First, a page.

I Have Played Some Games


It's been a weird year for games. I've got brand new boxes sat under my TV, powerful consoles that I've mostly been using to play last-gen games, do-overs, and more compact experiences that could've easily ran on older hardware.

A weird year for games, and one that I have yet to blog about. This lack of sharing is mostly due to my retrospective 8th Gen series dragging on for 6 months longer than it should've. And it really did drag, despite being an excellent read that I highly recommend! After a few posts, I came to realize that my love for the last round of consoles is somewhat lacking, and while there were plenty of games that I enjoyed, there are very few that I was inspired to write about.

Right now, I desperately want a new game to excite me. Something that I absolutely need to play on day one; something I'm happy to pay full whack for. Lost Judgment will be fun later this month, but I'm not fussed about playing it immediately. Fingers crossed Forza Horizon 5 will be the next-gen leap we've all been waiting for, but if it weren't on Game Pass I probably wouldn't be there at launch. I think that's pretty much it for the rest of the year, which is disappointing to say the least.

I see lots of older games getting replayed in my immediate future. And that's fine, but it'd be nice if these new consoles would start justifying their existence.

Anyway, I have played some great games this year, and none greater than the Mass Effect Legendary Edition. I ploughed through 1-3 without pause, a glorious hundred-hour space epic RPG that I was genuinely sad to finish. It was my first full playthrough of ME1 and I was suitably impressed. ME2 remains an all-timer, blessed with tight narrative design that imbues you with a sense of purpose and urgency from start to finish. It is completely irresistible. That was a tough act to follow, but ME3 manages to be a hugely satisfying and indulgent end to the trilogy. I loved most of the DLC too, which I hadn't touched before. Each entry is unique, yet they work together perfectly, each a beautiful complement to what came before or what would come after.

I enjoyed being back in that universe so much that I might even play Andromeda. Expect loud complaints.

With Assassin's Creed Valhalla out the way, a game which I rated rather highly, I finally lavished some attention on my PS5 at the very start of the year. Marvel's Spider-Man: Miles Morales was fun, but I'd stop short of calling it memorable. The Demon's Souls Remake had my undivided attention for a few weeks and Astro's Playroom charmed my socks off. Returnal, however, did not. I've never played a game that revels so completely in wasting your time. Returnal is a rudimentary game-save system short of being special, but that absence sunk the entire experience for me. I stuck with it for many hours - the result of a mix of FOMO, love for Housemarque, enjoyable combat, and a longing for a truly next-gen experience - but I can't remember the last time a highly-anticipated game annoyed me this much.

Mafia: Definitive Edition feels terribly dated in design, but I still really liked it. I revisited Titanfall 2 to check that it is still nice, and it is nice. I have nothing but good things to say about Yakuza: Like a Dragon, but you already knew that because you definitely read what I wrote about it in my 8th Gen Countdown. Just in case you need a reminder, It came in at no. 4, which is pretty good.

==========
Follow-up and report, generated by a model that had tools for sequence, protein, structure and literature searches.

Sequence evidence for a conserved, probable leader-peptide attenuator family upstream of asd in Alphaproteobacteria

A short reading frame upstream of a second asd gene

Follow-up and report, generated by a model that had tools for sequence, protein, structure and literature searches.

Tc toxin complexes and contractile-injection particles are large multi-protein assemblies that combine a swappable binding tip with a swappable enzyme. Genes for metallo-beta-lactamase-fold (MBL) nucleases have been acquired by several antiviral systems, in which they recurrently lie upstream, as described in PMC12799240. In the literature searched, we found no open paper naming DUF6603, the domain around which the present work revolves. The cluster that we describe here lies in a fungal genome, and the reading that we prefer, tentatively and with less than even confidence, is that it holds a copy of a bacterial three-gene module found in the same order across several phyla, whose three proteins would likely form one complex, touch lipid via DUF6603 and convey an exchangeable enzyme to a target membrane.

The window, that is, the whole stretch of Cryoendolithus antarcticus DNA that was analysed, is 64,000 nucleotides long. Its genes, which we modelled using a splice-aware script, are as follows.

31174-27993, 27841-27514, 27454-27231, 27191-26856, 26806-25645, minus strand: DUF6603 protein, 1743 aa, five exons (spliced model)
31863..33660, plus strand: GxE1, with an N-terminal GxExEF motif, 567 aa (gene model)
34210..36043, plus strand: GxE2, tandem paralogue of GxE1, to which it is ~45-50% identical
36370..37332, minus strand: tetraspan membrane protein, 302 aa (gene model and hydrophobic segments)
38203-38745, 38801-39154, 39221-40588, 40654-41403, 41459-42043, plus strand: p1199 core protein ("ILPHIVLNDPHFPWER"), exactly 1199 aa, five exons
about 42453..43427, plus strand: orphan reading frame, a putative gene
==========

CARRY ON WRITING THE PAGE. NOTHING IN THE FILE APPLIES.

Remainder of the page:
Monster Hunter Rise is a very welcome evolution. Everything is so much easier and quicker to get into than it used to be. Brevity is valued in the field, but all the gameplay loops remain as effective and addictive as ever. I don't want to compare it to MH World, as these are clearly two different approaches to the same game, but I think I'd struggle to go back to World's more deliberate pace. Sticking with Switch, I really enjoyed the Panzer Dragoon remake, despite its obvious failings, and I'm currently mulling No More Heroes 3 because I fancy something stylish and still have a lot of nostalgia for the first game. I think I might hate it though, which is usually a good reason to stay away.

Moving to the Series X, I have been jumping between Game Pass offerings. Quake, The Ascent, Genesis Noir, Cyber Shadow, Bejeweled 3 (leave me alone), and NFS Hot Pursuit were all enjoyable to varying extents, but I didn't spend much time with any of them. However, I did stick with a few games. The most recent is Art of Rally, which is lovely to look it, sounds great, but does get a little repetitive, even with the randomized course designs. I both hated and enjoyed Doom Eternal, though probably more the former than the later. The Medium is very dated, but it was a nice change of pace and is very atmospheric.

The last six months, I have found myself increasingly drawn to older consoles. My Dreamcast and Saturn have been seeing a lot of action of late, and I've had the PS3 intermittently hooked up to a PC monitor. Mercari has kept me in a healthy supply of games and trawling the app for bargains has become a favoured pastime. Recent-ish Dreamcast purchases have included Marvel vs. Capcom 2, Jet Set Radio and Street Fighter Zero 3. As for Saturn, I've mostly been playing old favourites like Sega Rally and Nights, as well as yet another failed attempt at Snatcher. On my PS3, I derived far too much pleasure from Troy Muso and quite enjoyed the hours I put into Split/Second. I have a pile of around a dozen more PS3 games to get through but I'm in no rush, as there's little danger of any of them being remastered for modern consoles.

Fair warning: I'm starting to experience serious pangs of nostalgia for PS3-Wii-360. But that's a conversation for another day.

As for right now, I'm playing the Final Fantasy IX remaster on my PS5. A three-year-old port of a twenty-year-old game, running on my cutting-edge home console. 

How very 2021.

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